The letter mentions that Bharat Biotech’s request for approval to initiate phase II clinical trials was examined in consultation with Subject Expert Committee (COVID-19) experts held through virtual meeting on September 3.
“This is to inform you that the subject proposal was examined in consultation with SEC (COVID-19) experts held through virtual meeting on 03-09-2020, wherein the committee recommended for the conduct of Phase II part of clinical trials with 380 participants subject to the condition that time for screening the participants should be revised to 4 days,” reads the letter dated September 3.
Phase I clinical trials of the vaccine began on July 15 at 12 centres across the country where healthy volunteers were administered two doses of vaccination shots with a gap of 14 days. These trials on 375 volunteers are still continuing.
The subjects were monitored at the respective centres for two days after they were administered the vaccine shots. In the phase II clinical trials, this period has been revised to four days.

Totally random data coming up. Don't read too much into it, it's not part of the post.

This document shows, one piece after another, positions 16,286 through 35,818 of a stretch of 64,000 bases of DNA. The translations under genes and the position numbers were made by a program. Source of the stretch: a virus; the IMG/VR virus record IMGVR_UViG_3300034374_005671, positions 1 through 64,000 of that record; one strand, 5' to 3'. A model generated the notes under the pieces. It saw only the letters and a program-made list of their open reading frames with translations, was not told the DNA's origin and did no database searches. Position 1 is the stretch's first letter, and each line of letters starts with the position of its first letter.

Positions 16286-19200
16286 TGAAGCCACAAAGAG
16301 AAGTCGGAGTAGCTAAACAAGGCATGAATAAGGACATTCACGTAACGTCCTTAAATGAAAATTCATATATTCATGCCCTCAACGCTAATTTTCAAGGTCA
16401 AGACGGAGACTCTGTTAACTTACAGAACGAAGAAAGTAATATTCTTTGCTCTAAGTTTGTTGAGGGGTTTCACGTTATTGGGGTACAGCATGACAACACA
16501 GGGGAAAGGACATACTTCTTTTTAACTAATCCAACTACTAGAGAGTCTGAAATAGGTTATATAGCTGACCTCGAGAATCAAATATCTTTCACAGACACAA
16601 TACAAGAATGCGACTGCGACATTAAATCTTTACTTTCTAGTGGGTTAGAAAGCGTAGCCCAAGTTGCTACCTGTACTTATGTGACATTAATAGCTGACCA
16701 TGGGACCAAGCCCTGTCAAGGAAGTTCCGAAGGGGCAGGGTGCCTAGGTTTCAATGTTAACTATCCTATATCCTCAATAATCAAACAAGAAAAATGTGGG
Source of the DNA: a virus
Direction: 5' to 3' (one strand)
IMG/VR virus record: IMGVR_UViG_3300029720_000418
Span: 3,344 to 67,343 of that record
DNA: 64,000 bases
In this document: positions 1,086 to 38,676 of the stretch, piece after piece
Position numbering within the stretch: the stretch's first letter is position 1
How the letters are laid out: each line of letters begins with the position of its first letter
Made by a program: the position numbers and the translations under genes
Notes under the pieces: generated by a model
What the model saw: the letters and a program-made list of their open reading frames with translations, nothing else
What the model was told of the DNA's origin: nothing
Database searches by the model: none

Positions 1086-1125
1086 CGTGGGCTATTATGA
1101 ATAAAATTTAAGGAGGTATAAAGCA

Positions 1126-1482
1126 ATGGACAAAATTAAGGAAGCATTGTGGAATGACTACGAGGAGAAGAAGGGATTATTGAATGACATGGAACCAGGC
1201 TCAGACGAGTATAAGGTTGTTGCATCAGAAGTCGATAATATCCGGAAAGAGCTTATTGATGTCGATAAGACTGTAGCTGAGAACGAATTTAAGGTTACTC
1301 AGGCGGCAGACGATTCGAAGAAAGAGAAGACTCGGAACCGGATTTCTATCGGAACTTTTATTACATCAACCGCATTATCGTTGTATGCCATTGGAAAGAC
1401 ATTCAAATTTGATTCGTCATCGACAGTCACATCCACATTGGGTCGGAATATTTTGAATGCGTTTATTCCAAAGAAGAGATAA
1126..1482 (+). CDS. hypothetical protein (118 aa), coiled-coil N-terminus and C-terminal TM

Bharat Biotech had announced on June 29 that it had successfully developed Covaxin in collaboration with the Indian Council of Medical Research (ICMR) and the National Institute of Virology (NIV).
The SARS-CoV-2 strain was isolated in NIV, Pune and transferred to Bharat Biotech. The ‘indigenous, inactivated vaccine candidate’ has been developed and manufactured in Bharat Biotech’s high containment facility located in Genome Valley, Hyderabad.
Last month, SEC also approved Bharat Biotech’s proposal to conduct trials using the intradermal (ID) vaccine delivery route.
Under this route, the vaccine shot is given in the dermis, one of the layers of the skin. Experts say the shot is less invasive, requires lesser dosage and sometimes, helps the vaccine show better immune response.
At the SEC meeting held on August 13, Bharat Biotech presented its proposal for the conduct of Phase I and II clinical trials of Covaxin by ID route.
The SEC, while recommending approval, laid down the conditions that the trial sites should be different from the sites where the present clinical trials are going on for the vaccine through the intramuscular route and that the subject should be followed up for six months for clinical and antibody assessments.